The Moonstone, by Wilkie Collins opens with a letter explaining the severed relations between a certain gentleman and his infamous cousin Herncastle, who is suspected of pilfering a rare yellow diamond from the sacred temple of the Hindu god of the moon while serving the British army in India. Without proof, the gentleman only divulges his suspicion to his family to explain his behavior. A brief history of the jewel in question follows to capture the reader's imagination and set the stage for the story's main focus; the mysterious and curious happenings surrounding the accursed diamond's entrance, by the will and testament of her late Uncle Herncastle, into the possession, however briefly, of Lady Rachel Verinder, and subsequent investigation of the gem's disappearance.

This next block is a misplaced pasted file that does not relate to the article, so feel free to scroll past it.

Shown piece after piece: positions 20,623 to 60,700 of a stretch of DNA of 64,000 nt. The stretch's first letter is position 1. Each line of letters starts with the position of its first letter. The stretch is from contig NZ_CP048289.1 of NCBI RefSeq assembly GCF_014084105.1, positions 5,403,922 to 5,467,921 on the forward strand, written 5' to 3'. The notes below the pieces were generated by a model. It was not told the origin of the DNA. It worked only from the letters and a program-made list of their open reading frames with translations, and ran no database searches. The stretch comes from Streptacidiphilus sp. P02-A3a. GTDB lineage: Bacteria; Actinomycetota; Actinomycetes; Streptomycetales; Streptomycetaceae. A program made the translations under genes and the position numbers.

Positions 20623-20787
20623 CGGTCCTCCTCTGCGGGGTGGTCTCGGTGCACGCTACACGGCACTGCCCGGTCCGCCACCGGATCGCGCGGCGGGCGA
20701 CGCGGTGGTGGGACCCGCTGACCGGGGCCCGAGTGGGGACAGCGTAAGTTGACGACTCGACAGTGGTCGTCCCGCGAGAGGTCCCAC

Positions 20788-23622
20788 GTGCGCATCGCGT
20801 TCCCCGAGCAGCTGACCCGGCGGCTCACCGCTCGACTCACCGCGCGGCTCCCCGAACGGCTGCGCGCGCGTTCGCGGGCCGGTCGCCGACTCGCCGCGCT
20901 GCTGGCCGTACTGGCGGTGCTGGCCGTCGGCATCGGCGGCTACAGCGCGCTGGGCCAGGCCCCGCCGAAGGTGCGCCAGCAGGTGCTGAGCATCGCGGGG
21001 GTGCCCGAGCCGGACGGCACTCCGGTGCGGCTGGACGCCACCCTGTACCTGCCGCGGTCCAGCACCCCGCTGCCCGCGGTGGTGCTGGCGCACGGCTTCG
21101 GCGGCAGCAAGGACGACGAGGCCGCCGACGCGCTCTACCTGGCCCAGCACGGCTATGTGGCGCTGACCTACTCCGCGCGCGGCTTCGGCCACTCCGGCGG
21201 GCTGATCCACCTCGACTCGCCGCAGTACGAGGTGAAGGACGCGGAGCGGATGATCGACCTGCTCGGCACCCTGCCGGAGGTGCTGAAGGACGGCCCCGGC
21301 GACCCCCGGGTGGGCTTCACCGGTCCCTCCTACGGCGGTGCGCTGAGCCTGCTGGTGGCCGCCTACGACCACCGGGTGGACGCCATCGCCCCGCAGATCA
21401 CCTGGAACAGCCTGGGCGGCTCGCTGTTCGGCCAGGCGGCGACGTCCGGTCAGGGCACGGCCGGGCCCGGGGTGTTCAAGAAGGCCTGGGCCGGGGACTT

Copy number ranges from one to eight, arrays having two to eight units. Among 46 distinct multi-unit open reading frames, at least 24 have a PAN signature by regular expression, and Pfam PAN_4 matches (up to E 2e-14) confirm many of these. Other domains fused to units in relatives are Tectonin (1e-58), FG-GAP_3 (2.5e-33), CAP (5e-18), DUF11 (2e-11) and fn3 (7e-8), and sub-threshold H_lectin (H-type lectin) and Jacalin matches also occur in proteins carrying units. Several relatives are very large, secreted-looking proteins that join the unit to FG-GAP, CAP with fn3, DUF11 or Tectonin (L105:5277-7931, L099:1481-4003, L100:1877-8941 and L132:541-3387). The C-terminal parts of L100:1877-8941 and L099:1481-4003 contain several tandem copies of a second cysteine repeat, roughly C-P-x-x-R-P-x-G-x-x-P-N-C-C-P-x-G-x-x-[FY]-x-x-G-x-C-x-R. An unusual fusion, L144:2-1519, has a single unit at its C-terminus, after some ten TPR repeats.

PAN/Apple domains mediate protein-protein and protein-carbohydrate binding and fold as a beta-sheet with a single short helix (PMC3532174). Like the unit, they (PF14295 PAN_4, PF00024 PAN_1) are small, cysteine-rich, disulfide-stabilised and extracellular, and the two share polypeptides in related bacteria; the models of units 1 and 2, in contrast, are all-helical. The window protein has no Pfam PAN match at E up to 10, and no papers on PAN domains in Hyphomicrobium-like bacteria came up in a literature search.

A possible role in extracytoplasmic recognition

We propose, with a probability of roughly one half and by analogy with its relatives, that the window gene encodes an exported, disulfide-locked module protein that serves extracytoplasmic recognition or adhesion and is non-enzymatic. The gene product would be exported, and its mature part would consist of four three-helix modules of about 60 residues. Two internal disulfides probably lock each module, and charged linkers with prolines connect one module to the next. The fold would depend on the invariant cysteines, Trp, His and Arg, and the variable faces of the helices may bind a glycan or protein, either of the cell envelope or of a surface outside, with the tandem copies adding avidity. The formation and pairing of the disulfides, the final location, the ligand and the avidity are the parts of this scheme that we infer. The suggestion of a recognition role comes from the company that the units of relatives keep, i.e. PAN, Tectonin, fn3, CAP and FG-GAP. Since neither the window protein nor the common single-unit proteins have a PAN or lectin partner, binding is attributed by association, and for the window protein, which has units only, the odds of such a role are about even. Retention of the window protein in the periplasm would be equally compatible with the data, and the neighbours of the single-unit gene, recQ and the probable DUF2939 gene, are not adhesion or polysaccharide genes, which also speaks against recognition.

I must admit that before this novel was recommended to me, I had not heard of Wilkie Collins, but am certainly glad to have made the discovery. Collins wove a delightfully suspenseful narration of individual eyewitness accounts that offer the reader each relevant perspective to follow the case to its ultimate completion. Each account captures the personality and life story of the different writers seamlessly within the narrative of the ongoing investigation. This Broad grew especially fond of the character Gabriel Betteridge through Collins' writing of his witty, honorable, and quirky observations throughout his re-telling. I'm sure each reader will have a personal favorite after encountering the seven distinct egos within Collins' exceptional book.
With smartly developed characters, well constructed sentences, vivid descriptions, and naturally flowing dialogue, The Moonstone was a great pleasure to read. I recommend it highly.